Imagine this: Your 20-year-old daughter tells you she wants to attend an expensive school for 5 years of intensive postgraduate training, amassing tens of thousands of dollars of debt, to provide expert services to the US population. There is no good substitute for the services she hopes to provide, and they are vitally needed. The services also carry risk. Despite this, she tells you that her salary will not increase every year in tandem with the cost of living; in fact, she expects her salary to be cut by nearly one-third each year. Compensation in her chosen field hasn’t increased in real dollars for many years.
Sound like a good plan?
By now you have recognized this as your own story, at least if you’re among the 92% of ObGyns who participate in Medicare.
ObGyn participation in the Medicare program reflects ObGyn training and commitment to serve as lifelong principal care physicians for women of all ages, including women with disabilities. Fifty-six percent of all Medicare beneficiaries are women. With continuing shortages of primary care physicians and the transitioning of the Baby Boomer generation to Medicare, it is likely that ObGyns will become more involved in delivering health care to this population.
Medicare physician payments matter to ObGyns in other ways, too, because TRICARE and private payers often follow Medicare payment and coverage policies. Clearly, the Medicare program is a pretty big gorilla in every exam room. We all have much at stake in ensuring a stable Medicare system for years to come, starting with an improved physician payment system.
In 2011, Medicare paid $68 billion for physician care provided to nearly 50 million elderly and disabled individuals—about 12% of total Medicare spending—covering just over 1 billion distinct physician services. Physicians received a 10-month reprieve from a 27% cut in Medicare payments that had been scheduled for March 1, 2011, extending current payment rates through the end of this year. The agreement is part of a deal to extend a payroll tax cut and unemployment benefits. It is the 14th short-term patch to the sustainable growth rate (SGR) in the past 10 years. On January 1, 2013, we now face a 26.5% cut that Congress will have to find $245 billion to eliminate altogether.
How did we get here?
In 1997, Congress passed the Balanced Budget Act (BBA), at a time when many members of Congress were frustrated by continued increases in Medicare costs, fueled on the physician side, in part, by increases in the number of visits, tests, and procedures. To control these costs, Congress included in the BBA a complicated formula to peg Medicare physician payments to an economic growth target—the SGR. For the first few years, Medicare expenditures stayed within the target, and doctors received modest pay increases. But in 2002, expenditures rose faster than the SGR, and doctors were slated for a 4.8% pay cut.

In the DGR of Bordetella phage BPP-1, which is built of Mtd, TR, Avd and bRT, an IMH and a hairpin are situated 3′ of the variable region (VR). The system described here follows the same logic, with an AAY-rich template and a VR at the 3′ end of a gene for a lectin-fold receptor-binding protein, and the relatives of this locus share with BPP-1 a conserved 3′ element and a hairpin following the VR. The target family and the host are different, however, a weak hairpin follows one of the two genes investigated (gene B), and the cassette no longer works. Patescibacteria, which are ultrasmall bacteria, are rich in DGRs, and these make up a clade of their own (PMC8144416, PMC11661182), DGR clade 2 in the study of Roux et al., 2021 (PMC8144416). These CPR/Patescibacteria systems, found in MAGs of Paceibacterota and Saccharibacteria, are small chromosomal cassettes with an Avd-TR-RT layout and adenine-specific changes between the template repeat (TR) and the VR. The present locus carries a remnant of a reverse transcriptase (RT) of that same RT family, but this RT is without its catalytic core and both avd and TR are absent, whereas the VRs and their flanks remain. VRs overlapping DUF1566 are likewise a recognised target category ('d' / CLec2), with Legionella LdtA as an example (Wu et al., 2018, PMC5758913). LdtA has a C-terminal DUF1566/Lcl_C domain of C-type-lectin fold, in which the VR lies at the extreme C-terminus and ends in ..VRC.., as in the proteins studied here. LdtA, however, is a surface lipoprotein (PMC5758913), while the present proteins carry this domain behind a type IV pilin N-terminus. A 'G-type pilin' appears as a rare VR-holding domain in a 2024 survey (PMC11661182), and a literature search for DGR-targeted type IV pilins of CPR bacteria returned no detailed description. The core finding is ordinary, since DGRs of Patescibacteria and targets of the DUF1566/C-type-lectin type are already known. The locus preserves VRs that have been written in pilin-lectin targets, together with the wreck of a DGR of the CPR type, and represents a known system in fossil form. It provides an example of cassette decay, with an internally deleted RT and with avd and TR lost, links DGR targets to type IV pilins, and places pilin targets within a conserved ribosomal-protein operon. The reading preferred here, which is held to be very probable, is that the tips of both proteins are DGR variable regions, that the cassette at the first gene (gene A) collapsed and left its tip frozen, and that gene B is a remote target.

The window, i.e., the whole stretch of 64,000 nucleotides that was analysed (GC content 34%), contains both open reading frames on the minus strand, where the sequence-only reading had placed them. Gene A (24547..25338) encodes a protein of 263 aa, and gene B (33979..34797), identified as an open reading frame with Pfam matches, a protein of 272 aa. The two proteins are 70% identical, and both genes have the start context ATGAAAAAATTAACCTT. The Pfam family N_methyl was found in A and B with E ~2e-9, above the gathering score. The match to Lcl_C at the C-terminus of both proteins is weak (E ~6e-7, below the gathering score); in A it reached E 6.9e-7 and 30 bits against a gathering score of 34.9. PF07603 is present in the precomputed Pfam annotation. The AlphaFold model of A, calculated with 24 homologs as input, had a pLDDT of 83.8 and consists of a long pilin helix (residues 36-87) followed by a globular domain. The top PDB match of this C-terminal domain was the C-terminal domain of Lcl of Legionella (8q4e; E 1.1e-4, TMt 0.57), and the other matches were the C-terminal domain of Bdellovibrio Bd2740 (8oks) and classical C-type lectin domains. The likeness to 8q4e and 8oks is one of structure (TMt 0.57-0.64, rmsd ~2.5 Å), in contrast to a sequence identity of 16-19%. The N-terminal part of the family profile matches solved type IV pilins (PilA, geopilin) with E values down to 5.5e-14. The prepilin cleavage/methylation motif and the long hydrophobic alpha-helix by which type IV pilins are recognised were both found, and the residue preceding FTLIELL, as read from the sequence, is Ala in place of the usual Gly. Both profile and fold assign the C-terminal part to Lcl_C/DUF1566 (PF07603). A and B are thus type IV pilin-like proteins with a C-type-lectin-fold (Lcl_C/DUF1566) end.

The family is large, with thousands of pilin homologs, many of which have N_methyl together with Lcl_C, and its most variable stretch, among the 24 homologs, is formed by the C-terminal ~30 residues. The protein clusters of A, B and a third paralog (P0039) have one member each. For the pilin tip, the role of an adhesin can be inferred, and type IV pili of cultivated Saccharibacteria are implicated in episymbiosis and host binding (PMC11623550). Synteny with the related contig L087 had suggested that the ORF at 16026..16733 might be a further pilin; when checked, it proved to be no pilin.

Every year since, the SGR has signaled physician pay cuts, and every year, Congress has stopped the cuts from taking effect. But each deferral just made the next cut bigger and increased the price tag of stopping each pay cut. Today, the price of eliminating the SGR is $245 billion over the next 10 years. In these days of sequestration and deficit reduction, $245 billion is hard to find.
The good news is that support for eliminating the SGR is bicameral and bipartisan, rare in these hyperpartisan political days. Both Republicans and Democrats in the US House and Senate agree: The SGR has got to go. It’s a topic of conversation that wore out its welcome long ago.
The bad news? The $245 billion price tag. Remember, the SGR is in statute, so it requires an Act of Congress, signed by the President, to repeal it—and every Act is scored by the Congressional Budget Office.
The likeliest scenario is one we’ve seen many times before: Congress returns from a difficult election for a short, lame-duck session, during which it will have to address the cut before January 1. A real solution won’t be within reach, so Congress will likely kick that well-dented can a few more yards down the road, delaying the cut for yet another legislative cliffhanger.
In October 2012, the American Congress of Obstetricians and Gynecologists (ACOG) joined the American Medical Association (AMA) and 110 state and national medical societies in providing the US Congress with a clear and definitive document—Driving Principles and Core Elements—that describes a way to transition to a Medicare payment system that will endure and ensure high-quality care for the individuals who rely on that program, and for many millions more whose care is linked to Medicare payment policies.